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Exploring Amazon’s Sustainability Announcements
by Daniel Newman | April 26, 2021

The Six Five team explores the sustainability announcements from Amazon. Currently, over 100 major global corporations are participating in its Climate Pledge. What impact will these new pledges have on the climate? Only time will tell.

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Transcript:

Daniel Newman: Let’s get started. We have a couple of interesting ESG announcements to talk about today, but Amazon, as they can’t stop, won’t stop, came out with an announcement this week. I think it’s crossed 100 major global corporations are now participating in its Climate Pledge.

Patrick Moorhead: Yeah, so Amazon is in the news for a lot of reasons. Some of them are good. Some of them are negative. We talked a lot about this on the show. And, Amazon is a company that is so important for so many reasons. I mean, COVID as an example at a time that where we couldn’t leave our homes, they were the company that brought us our food, our PCs, just pretty much everything. And they hired close to 400,000 plus workers as well. They adopted a $15 minimum wage, that even democratic socialists, like Bernie Sanders, were really wanting to get for the rest of the company. So, it’s almost as if on sustainability, Amazon is in a competition with everybody else, and I kind of liked that because, and, Danny, you and I talked about this on a vendor call the other day, sometimes competition or trying to be first with things is not necessarily the best thing, but in some ways it raises all boats and have everybody looking at you.

So, Amazon had a few announcements. And again, you can read this on my Forbes column and, Daniel, I know you’ll probably be writing something up but, a climate pledge, and this is getting ahead of the Paris Accord by 10 years. New signature, signatories? Is that the right word? New people signed up. Alaska Airlines, Colgate-Palmolive, Heineken, Pepsi, Telefónica, Visa, just to name a few. I also talked about eco-conscious shopping options, a 75,000 Climate Pledge Friendly products available in the U.S. and EU. I don’t think that means you can eat the packaging, Daniel, but I have a sneaking suspicion… You’re supposed to laugh by the way. A sneaking suspicion that these products and the packaging are very eco -friendly, and these are products that go all the way from a rum from Flor de Caña to Logitech mice.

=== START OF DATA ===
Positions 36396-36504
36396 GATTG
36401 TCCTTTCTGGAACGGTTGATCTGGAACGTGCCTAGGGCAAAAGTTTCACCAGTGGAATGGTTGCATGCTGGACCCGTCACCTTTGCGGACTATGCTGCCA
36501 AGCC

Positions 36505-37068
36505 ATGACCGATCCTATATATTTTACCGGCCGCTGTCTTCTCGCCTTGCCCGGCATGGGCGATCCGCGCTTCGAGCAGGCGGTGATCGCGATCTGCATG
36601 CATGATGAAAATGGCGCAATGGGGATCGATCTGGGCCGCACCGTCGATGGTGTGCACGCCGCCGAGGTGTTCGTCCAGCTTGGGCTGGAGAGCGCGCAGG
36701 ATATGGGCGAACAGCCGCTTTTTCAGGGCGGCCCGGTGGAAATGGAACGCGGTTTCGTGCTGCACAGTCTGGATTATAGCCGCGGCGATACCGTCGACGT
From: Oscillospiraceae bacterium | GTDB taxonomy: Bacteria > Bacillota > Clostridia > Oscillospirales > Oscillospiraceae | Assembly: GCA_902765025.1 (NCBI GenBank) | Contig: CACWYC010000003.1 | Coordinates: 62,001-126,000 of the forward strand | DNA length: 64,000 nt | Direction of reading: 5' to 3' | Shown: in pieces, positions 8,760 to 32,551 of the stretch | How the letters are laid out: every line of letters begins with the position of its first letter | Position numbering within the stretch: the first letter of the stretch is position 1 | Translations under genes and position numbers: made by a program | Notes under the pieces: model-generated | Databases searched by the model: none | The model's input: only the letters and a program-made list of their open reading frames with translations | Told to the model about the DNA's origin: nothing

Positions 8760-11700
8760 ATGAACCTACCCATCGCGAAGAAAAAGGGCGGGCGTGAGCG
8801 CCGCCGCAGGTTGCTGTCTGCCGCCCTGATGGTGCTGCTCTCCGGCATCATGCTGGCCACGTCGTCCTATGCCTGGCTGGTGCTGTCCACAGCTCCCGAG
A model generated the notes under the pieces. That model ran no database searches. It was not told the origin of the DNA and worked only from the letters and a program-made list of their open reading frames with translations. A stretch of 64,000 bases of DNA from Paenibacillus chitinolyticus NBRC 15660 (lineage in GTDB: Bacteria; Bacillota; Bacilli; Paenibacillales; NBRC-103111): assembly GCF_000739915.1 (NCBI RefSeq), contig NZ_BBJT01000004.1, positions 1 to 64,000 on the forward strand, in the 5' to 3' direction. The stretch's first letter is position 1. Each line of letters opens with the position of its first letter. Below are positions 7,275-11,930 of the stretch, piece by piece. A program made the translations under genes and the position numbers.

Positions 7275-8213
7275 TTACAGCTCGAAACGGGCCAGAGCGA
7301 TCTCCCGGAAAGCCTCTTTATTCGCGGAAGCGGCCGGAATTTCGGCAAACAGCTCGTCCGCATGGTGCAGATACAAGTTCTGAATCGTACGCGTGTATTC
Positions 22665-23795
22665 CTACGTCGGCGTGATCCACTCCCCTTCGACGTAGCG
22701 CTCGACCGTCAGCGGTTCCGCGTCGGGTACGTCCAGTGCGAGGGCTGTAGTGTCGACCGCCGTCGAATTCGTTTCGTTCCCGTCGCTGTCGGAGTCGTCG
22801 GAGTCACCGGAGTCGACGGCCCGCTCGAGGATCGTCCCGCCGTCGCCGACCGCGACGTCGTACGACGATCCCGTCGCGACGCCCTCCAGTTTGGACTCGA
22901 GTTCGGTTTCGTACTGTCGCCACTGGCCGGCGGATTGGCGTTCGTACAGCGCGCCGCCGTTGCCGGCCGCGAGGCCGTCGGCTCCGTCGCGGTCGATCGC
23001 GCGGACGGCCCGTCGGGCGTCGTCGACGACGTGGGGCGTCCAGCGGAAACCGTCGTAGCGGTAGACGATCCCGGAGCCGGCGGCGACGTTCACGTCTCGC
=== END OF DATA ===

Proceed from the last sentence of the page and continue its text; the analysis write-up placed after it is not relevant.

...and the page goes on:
So, pretty wide range there. Give me a 15 to 25% discount on those certified products from Honest Company, Seventh Generation, Ethique, products like that. And I think finally talking about renewables, Amazon, not only is the biggest online retail seller, not the biggest retailer. I think they have a whopping 2% of retail market share, but electronically, they do lead in the U.S. They also have a very, very successful cloud business, IaaS, PaaS and SaaS. There are 206 renewable energy projects worldwide. There are wind products, solar rooftops, and all in all Amazon says they’re going to create 8pointGW of global electricity production capacity, making it what they’re calling the most significant corporate buyer of renewable energy sources in Europe.